Protective instincts roared to life, and Alex frowned. “Not quite threats? Have you reported them?”
Maggie shrugged. “Kind of. I guess I’ll have to be more direct after this.”
The stubborn cast to Maggie’s features told Alex any lecture on being careful or taking care of herself would fall on deaf ears. Instead, she pulled out her phone. “Still no service.”
Maggie sighed. “There should be spotty service out here, even this far from the road.”
“You think they are blocking us?”
“I don’t know.” Her teeth worried at her bottom lip for a moment before she glanced up at Alex with a wry grin. “I guess we’ll have to hoof it. There’s a place not too far away, but it might not be up to your standards, Danvers.”
Alex arched an eyebrow, not sure she loved the hint of amusement in Maggie’s voice. “What do you mean by that?”
“Let’s just say it’s a local attraction. The important thing is there will be a landline if we don’t have cell service, and their burgers aren’t bad.”
“A burger sounds good right about now. Lead the way.”
“Hold on.” Maggie grabbed Alex’s leather out of the SUV along with a few other things, filling her backpack. When Alex frowned at her jacket, Maggie just smiled. “It gets cold at night. You’ll want it once the sun goes down.”
With that, they headed out, in the opposite direction they had come. As they struck out across the desert with no trail to lead the way, Alex was even more happy she had worn her tactical boots. The terrain was criss-crossed with cracks, and the loose sand and gravel made footing treacherous. Maggie seemed lost in thought, and Alex was focused on making sure she didn’t turn an ankle, so they didn’t speak as they trudged through the brush.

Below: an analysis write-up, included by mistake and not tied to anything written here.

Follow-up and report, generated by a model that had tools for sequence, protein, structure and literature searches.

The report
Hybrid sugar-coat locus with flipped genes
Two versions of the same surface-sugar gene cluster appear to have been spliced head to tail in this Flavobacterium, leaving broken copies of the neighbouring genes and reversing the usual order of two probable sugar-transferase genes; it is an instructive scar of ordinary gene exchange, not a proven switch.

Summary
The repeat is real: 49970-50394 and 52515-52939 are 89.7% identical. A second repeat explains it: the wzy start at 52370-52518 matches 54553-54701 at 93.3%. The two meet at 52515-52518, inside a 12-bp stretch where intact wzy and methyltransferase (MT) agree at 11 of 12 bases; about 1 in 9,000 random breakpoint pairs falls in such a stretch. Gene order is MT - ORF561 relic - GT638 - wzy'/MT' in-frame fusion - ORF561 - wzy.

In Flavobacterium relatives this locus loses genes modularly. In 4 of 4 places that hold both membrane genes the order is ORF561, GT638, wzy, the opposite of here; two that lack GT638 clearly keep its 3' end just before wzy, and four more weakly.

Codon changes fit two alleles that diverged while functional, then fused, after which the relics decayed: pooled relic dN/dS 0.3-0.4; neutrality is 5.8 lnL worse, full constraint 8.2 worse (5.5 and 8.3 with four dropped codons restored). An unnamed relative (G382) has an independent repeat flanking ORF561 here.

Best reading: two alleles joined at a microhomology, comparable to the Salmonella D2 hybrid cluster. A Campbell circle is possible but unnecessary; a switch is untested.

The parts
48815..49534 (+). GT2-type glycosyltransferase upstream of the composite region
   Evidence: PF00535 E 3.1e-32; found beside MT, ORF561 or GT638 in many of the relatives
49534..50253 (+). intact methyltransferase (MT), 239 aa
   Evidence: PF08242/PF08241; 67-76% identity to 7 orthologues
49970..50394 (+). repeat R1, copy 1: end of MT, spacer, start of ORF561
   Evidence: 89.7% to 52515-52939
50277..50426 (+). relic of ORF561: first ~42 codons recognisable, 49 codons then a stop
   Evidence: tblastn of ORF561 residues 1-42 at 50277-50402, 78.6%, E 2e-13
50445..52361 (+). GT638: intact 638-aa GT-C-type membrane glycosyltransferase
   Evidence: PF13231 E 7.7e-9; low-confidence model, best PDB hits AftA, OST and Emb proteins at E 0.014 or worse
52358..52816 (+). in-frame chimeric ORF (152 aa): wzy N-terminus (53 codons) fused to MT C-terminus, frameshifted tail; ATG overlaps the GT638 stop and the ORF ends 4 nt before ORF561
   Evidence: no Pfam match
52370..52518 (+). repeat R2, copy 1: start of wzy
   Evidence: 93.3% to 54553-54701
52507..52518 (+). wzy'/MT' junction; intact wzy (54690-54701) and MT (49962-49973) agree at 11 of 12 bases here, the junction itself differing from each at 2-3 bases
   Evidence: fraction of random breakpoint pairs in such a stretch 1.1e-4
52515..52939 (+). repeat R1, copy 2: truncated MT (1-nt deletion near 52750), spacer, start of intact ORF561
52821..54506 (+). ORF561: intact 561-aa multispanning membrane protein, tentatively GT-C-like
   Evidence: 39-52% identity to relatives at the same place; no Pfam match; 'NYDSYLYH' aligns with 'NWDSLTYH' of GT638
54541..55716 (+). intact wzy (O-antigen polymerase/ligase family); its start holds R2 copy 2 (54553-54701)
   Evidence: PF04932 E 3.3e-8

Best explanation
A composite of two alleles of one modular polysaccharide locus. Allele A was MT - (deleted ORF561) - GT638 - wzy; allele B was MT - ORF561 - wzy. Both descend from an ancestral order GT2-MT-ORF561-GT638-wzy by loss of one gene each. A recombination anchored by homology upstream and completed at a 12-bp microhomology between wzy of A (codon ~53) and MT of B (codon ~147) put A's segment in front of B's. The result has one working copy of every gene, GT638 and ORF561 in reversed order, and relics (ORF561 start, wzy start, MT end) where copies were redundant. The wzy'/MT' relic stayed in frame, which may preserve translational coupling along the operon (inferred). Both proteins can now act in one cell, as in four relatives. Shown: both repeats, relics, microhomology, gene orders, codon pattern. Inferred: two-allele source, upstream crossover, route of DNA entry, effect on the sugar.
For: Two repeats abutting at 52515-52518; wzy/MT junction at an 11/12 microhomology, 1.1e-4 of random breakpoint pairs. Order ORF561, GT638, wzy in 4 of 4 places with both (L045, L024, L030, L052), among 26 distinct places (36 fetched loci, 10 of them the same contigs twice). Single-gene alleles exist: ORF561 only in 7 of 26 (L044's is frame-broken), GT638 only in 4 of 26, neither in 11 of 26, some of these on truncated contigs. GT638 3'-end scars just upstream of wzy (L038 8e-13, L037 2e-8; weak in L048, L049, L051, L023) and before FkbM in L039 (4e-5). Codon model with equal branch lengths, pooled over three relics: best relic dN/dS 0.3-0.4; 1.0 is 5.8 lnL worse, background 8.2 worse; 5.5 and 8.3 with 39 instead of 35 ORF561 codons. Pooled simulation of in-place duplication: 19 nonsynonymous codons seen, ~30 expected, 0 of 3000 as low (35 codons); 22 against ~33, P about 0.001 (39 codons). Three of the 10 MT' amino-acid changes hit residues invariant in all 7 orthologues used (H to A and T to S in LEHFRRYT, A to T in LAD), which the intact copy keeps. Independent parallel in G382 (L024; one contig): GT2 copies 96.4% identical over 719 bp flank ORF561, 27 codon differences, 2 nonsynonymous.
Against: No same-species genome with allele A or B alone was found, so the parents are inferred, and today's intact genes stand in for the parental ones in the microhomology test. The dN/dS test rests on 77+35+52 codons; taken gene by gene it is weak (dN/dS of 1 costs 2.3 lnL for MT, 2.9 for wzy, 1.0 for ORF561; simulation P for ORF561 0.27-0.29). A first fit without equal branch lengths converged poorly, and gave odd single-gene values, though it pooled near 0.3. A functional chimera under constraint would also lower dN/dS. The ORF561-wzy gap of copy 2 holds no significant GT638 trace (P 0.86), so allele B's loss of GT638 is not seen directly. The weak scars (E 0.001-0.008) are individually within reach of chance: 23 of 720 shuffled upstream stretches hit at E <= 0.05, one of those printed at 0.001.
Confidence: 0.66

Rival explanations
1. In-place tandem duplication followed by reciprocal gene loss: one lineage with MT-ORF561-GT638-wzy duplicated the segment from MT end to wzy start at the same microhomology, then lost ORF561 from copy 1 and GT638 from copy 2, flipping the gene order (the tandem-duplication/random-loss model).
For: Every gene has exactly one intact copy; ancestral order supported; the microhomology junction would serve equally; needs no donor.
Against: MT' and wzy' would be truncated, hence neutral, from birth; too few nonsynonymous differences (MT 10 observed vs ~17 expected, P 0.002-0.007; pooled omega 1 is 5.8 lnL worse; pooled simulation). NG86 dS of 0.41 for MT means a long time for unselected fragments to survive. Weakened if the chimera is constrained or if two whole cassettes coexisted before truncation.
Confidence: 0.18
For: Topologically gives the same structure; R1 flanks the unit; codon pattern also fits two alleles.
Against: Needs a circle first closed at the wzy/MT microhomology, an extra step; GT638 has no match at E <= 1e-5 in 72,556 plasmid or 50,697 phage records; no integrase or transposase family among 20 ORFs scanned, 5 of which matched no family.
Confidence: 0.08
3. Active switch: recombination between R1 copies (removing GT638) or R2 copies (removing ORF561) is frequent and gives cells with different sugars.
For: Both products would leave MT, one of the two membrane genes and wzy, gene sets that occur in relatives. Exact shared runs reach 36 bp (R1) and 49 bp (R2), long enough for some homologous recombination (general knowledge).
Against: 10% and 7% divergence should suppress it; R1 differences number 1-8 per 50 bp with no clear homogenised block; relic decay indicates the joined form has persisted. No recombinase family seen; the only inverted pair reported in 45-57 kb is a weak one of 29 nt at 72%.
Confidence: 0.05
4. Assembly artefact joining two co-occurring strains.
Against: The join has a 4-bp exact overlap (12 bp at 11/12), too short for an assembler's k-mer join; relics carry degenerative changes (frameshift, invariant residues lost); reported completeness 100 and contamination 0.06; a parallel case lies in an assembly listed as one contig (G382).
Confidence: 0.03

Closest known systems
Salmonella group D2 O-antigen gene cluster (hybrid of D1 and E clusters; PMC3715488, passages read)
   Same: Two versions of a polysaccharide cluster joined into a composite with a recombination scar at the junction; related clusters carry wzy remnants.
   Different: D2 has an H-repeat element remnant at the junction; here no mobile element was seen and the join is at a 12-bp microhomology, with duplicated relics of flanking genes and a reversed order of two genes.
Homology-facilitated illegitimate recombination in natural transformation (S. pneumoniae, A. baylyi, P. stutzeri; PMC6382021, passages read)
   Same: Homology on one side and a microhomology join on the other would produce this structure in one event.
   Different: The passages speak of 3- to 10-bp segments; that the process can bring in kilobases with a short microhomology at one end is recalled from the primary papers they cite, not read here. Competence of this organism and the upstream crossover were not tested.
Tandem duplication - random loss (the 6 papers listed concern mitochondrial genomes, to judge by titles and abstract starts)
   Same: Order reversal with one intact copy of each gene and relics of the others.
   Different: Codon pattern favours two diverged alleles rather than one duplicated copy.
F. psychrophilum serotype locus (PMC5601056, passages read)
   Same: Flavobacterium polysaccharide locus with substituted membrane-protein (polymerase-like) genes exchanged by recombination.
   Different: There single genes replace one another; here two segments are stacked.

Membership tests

As they reached the road, Maggie perked up. “Another mile and I’ll buy you a beer.”
“I’ll let you.” Alex rummaged in her pocket and pulled her phone out. “I have a signal, at least.” Kara’s cell went to voicemail, though, and so did J’onn’s. Finally, she reached Winn. “Kara and J’onn are rounding up a flock of rogue velos and it may take all night. So no super-powered rescue for us.”
Maggie nodded as she hung up her own phone. “Dispatch can send a tow truck.” She glanced at Alex and sighed. “Tomorrow morning.”
Alex groaned. Her feet hurt, she was covered in dust and sweat, and she was desperately looking forward to dinner, a shower, and a bed, in that order. She must have looked particularly pathetic because Maggie chuckled at her expression and shook her head.
“Cheer up, Danvers.” When Alex narrowed her eyes at Maggie, Maggie’s lips quirked into a grin. “The good news is that this place not only has burgers and beer, but also a small hotel. If nothing else, we can hole up for the night.”
They rounded a corner, and Alex stopped short. “Are you kidding me?” The long, low building was lit up like an amusement park in the dusk and surrounded by beat-up trucks, cars, and motorcycles of all types, from gleaming Harley’s to dusty Kawasaki dirt bikes.
Looking like something out of old Vegas, the 60s-era blinking green-and-white fluorescent sign washed the 10-foot green effigy of a martian in a sickly light. What looked like half a flying saucer crashed into the roof fashioned out of aluminum and Christmas lights completed the look. “The Lil’ Green Mart’Inn?” She gave Maggie a sideways glance. “You’ve got to be kidding me.”
Maggie bit her lips, holding back the laughter that sparkled in her eyes. “Told you it wouldn’t be to your taste. Come on.”
They started walking again, and the monstrosity loomed larger and larger. The sides were plastered with drawings of martians from popular culture, from War of the Worlds to Mars Attacks. “It’s not to anyone’s taste.”
“You just don’t appreciate the classics, Danvers. It’s a cheesy tourist trap left over from the Area 51 days. Now it’s becoming the local hangout for the community in these parts, alien and human alike. The owner is talking about expanding.”